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Issue 33

Our Java Chronicle in action case

Vasile Mihali
Senior Software Engineer @ Arobs
PROGRAMMING

Processing quite large text files is not an easy thing to accomplish even with all the “good guys” around like Hadoop, powerful machines, concurrency frameworks (others than Java concurrency utilities). And this because using those comes with a cost (and here we can mention money, time, or persons with necessary qualification), that not all the time is negligible and in the same time with limitations.

For example, if you have to validate some of the content with a 3rd service, using Hadoop for this is a well-known anti-pattern.

Using powerful machines is debatable from project to project; maybe some client just doesn’t want to pay extra money for making faster a single functionality that is not even called that often.

Using concurrency frameworks can still be a huge impediment, now with all those actor frameworks in place, the trend is to know less about how it runs (unfortunately) and just to be good at using it even for plain Java concurrency package.

I know what you are thinking now; you can just read the file line by line processing it, then save state, using buffers and clean java code – let’s call this statement 1.

But wait, this is not all.

What if I tell you, processing of file should be a nice atomic action, where validations are being made over each line and counts or other metadata from header of the file or trailer, even entities groups inside the file? And if the file is valid (based on what that means for each business requirements) the process has to save some events for each processed line. Based on the above applying statement 1 will not deserve our case anymore because we have to provide atomic processing. Saving the processed lines in memory till the file is processed will lead you to a nice OOME (Out of memory exception) – for large ones.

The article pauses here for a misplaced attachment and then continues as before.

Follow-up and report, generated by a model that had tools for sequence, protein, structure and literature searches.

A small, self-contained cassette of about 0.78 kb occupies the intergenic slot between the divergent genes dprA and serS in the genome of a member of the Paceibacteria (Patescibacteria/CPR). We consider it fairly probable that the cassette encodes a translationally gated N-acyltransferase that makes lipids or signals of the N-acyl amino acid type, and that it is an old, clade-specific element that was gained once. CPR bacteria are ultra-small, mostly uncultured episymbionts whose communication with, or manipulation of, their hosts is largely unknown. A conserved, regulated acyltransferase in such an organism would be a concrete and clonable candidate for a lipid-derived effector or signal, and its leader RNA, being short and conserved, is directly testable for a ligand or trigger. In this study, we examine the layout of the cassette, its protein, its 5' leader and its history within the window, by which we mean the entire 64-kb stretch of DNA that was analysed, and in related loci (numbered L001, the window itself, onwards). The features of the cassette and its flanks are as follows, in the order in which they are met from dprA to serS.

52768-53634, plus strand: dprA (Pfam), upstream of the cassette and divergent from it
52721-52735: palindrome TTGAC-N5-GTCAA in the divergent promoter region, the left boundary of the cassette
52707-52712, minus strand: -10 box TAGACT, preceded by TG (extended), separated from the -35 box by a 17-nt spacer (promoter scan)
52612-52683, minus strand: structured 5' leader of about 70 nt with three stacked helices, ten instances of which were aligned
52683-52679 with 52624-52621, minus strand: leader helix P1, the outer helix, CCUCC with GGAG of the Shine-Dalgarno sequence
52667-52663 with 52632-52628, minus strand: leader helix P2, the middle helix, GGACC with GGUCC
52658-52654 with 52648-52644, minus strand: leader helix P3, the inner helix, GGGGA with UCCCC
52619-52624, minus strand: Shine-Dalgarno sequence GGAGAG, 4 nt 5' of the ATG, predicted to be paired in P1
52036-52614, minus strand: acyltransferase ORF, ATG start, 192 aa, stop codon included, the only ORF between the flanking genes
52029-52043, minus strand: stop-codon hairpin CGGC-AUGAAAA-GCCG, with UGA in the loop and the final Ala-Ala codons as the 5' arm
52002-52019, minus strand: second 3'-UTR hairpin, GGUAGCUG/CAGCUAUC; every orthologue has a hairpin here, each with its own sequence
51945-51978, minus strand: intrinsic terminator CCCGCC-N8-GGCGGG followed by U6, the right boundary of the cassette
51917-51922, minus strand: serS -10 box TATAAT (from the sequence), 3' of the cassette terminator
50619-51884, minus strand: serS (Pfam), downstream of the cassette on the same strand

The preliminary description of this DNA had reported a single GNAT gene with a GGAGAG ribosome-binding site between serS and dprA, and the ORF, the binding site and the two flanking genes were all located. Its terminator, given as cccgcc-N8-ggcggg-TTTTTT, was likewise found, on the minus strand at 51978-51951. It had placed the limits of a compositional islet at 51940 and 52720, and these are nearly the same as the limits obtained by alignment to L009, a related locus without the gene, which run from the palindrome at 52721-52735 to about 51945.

Presenting you our solution:

Chronicle. Java Chronicle.

What is this product?

“Inter Process Communication ( IPC ) with sub millisecond latency and able to store every message:”

Img. Product official definition and usage - Chronicle-Queue (2015)

How we used it:

Process:

  1. create chronicles (IndexedChronicle)
    ChronicleConfig config = ChronicleConfig.DEFAULT.clone();
    Chronicle entitiesChronicle = new IndexedChronicle("path", config);
  2. reading the lines from file

  3. unmarshalling (with beanIO – out of the scope of this article) to POJO,

  4. validating the content of entity

  5. create additional entities (business requirements) using info from in process entity

  6. serialize (BytesMarshallable) entities
    public void writeMarshallable(@NotNull Bytes out) {
    if (null == entityUuid) {
    out.writeBoolean(false);
    } else {
    out.writeBoolean(true);
    out.writeUTFΔ(entityUuid.toString());
    }
    ...
    writeListEntityMessages(messages, out);
    out.writeStopBit(-1);
    } 
  7. write them in Chronicle (ExcerptAppender)
    // Start an excerpt with given chunksize
    int objectSize = getObjectSize(entity); //how many bytes
    entitiesAppender.startExcerpt(objectSize);
    // Write the object bytes
    entity.writeMarshallable(entitiesAppender);
    // pad it for later.
    entitiesAppender.position(objectSize);
  8. after all content used from file, if “checks” are passed then

  9. read from Chronicle (ExcerptTailer)
    ExcerptTailer reader = entitiesChronicle.createTailer();
    Entity entity = new Entity ();
    entity.readMarshallable(reader);
  10. deserialize
    public void readMarshallable(\@NotNull Bytes in)
    throws IllegalStateException {
    StringBuilder valueToRead = new StringBuilder(100);
    boolean hasId = in.readBoolean();
    if (hasId) {
    entityUuid = readUuidValue(valueToRead, in);
    }
    …
    messages = readListEntityMessages(in);
    in.readStopBit();
    }
  11. save final state to Cassandra

  12. delete chronicles
    entitiesChronicle.close();
    entitiesChronicle.clear();

And since a number can say more than 1000 words:

Keeping all those entities in heap will not be possible within commodity hardware (and without any involvement from gc), but using off-heap memory becomes a trivial action using chronicle.

Conclusions

As you can see, the write and read entities from chronicle (memory-mapped file) take about the same time as read lines, so instead of reading the file twice as an alternative, you can use chronicle and get unmarshalling of based entities for free. It took us two hours till we were able to save our first entities; the API is nice and clean, easy to use and understand.

The latest version of library has even more specialized functionalities like:

Definitely there are some other things to address and analyze but based on our needs that fit the requirements with the cheapest effort.

Conference

Sponsors

  • ntt data
  • 3PillarGlobal
  • Betfair
  • Telenav
  • Accenture
  • Siemens
  • Bosch
  • FlowTraders
  • MHP
  • Connatix
  • UIPatj
  • MetroSystems
  • Globant
  • MicroFocus
  • Colors in projects

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